4. What is the expected time frame for an adoption? Adoptions do not happen quickly. While some older or special needs children may come home in a year, many countries have an 18 month to 2 year time frame, and there are some countries where much longer waits are common.
5. What travel requirements are there? Very few countries allow escort, because they want families to experience and develop an understanding of their child's birth heritage. Most countries require only one trip, of a length that can vary from a week to a few months. Some countries require multiple trips, however, or give the option of one long trip or two shorter trips. Do the travel requirements work well with your work and family obligations?
6. Is the process well established, or are you looking at a country that rarely places children internationally, that has a new program, or that has a history of problems? If you are very risk averse, stick with countries that have had a long history of working with the U.S. on adoption issues, and that are known to have a relatively stable, clear process.
7. Has the country ratified the Hague Convention on international adoption? In general, Hague adoptions take a little longer and involve a little more paperwork, but offer more protections for the children, their birthparents, and their adoptive families.
Once you have narrowed your list, you can begin getting additional information on agency websites. As an example, you can begin getting a sense of which programs are the most costly. In general, travel is the largest component of an adoption's cost, so a person on a constrained budget may want to avoid countries that require multiple trips or long stays overseas. You can also begin to get a sense of which countries work with a lot of American agencies, and which serve only a few. Some families prefer programs where they have many choices of agency and can find one that "feels right" to them. Be aware that, unless you are adopting from South Korea, you do NOT have to use an agency in your state, though you will need to have a homestudy by a provider in your state. With South Korea, you generally need to work with an agency licensed in your state and authorized by the South Korean government to place Korean children with Americans, if you are doing a "healthy child" adoption; most states have only one to three such agencies, and a few have none. However, if you are adopting a child with special needs, you may have a somewhat broader choice of agencies.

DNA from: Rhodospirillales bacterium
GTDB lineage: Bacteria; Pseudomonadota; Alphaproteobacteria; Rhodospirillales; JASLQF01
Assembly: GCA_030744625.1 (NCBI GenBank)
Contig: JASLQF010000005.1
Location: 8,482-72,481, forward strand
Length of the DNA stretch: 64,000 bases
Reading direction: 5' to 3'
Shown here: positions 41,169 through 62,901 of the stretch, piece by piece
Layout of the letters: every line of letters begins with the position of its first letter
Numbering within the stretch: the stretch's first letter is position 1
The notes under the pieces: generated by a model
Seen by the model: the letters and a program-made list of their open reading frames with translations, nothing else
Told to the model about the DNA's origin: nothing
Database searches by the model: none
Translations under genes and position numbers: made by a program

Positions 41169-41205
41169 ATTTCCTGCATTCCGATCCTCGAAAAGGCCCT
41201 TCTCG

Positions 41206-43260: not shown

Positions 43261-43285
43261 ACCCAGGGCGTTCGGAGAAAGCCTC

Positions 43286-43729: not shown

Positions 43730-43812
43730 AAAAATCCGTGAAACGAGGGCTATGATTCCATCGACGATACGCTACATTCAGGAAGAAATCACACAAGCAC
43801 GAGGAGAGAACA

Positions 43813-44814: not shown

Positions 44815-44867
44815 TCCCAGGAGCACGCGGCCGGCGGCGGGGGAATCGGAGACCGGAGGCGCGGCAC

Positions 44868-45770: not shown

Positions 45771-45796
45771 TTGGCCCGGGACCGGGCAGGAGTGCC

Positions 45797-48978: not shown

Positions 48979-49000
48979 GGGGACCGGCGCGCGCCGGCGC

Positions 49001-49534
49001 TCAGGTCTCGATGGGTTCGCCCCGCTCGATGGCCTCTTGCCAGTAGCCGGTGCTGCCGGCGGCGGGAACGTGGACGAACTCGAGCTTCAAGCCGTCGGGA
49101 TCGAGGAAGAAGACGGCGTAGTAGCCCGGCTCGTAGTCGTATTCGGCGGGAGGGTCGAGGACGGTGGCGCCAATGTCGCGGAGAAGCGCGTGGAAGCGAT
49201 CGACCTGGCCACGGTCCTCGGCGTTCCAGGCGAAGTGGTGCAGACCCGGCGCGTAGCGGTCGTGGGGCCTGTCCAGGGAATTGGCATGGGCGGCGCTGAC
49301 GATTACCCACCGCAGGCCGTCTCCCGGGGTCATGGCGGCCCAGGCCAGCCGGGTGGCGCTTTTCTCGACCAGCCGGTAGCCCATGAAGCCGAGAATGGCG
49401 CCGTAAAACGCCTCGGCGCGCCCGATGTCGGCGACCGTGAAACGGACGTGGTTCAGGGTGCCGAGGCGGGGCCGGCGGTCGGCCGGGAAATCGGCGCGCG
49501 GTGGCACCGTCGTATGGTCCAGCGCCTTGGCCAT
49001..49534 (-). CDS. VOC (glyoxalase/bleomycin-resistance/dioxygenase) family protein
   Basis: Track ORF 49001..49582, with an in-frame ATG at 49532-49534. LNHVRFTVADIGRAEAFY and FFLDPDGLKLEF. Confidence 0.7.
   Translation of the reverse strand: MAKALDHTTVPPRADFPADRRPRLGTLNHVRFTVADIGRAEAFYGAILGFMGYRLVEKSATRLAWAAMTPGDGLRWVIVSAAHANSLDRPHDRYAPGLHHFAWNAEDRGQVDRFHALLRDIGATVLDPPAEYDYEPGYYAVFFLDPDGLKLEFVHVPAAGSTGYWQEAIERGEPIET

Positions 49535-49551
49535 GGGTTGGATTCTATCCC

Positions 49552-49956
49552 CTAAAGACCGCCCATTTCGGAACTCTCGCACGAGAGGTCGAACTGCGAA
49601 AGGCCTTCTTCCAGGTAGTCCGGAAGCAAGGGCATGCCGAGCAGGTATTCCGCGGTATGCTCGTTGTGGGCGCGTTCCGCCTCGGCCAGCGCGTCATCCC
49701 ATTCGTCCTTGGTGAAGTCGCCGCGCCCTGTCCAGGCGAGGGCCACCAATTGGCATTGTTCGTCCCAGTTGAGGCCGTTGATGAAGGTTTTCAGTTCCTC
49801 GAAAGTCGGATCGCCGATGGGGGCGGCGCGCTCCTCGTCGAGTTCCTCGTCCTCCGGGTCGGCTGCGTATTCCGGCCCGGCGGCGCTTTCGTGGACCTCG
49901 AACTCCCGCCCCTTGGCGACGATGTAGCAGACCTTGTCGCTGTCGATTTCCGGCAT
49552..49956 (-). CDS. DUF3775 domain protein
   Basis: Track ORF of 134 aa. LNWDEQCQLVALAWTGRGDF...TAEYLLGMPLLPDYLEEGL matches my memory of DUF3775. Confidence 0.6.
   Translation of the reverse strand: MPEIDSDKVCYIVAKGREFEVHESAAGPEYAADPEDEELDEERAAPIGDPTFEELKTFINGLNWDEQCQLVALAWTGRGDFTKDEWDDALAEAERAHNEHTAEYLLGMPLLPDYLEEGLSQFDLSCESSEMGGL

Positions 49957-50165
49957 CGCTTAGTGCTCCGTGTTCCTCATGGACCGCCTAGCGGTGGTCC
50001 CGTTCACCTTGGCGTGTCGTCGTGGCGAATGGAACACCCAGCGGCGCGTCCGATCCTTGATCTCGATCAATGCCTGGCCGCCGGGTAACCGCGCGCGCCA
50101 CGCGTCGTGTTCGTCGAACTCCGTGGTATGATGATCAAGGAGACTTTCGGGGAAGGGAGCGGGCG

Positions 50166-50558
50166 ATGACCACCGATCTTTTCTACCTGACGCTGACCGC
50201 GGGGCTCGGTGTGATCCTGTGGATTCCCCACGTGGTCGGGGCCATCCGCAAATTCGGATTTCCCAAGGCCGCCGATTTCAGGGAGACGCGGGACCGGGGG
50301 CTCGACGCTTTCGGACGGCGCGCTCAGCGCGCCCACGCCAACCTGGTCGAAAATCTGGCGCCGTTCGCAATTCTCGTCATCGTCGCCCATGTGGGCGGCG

Do be aware that most foreign countries do not permit independent adoption or let you pick your own child. But even if you find one, remember that, given the U.S. Universal Accreditation Act, you MUST use a Hague-accredited agency or a Hague-approved attorney (there are very few of those) as your primary provider. You must also use the foreign country's international adoption process, rather than its domestic process, even if it seems shorter and easier, or else you won't be able to get a visa for your child to come to the U.S. In addition, you must also follow the I-600 (non-Hague) or the I-800 (Hague) adoption process carefully.
By the way, while you are on the State Department website, take the time to look at some of its other sections. As an example, there is good information on the Hague Convention and Hague-accredited agencies, which may help you. There are also updates and alerts regarding specific countries. In addition, you can find information on how to be sure that your child can become a U.S. citizen.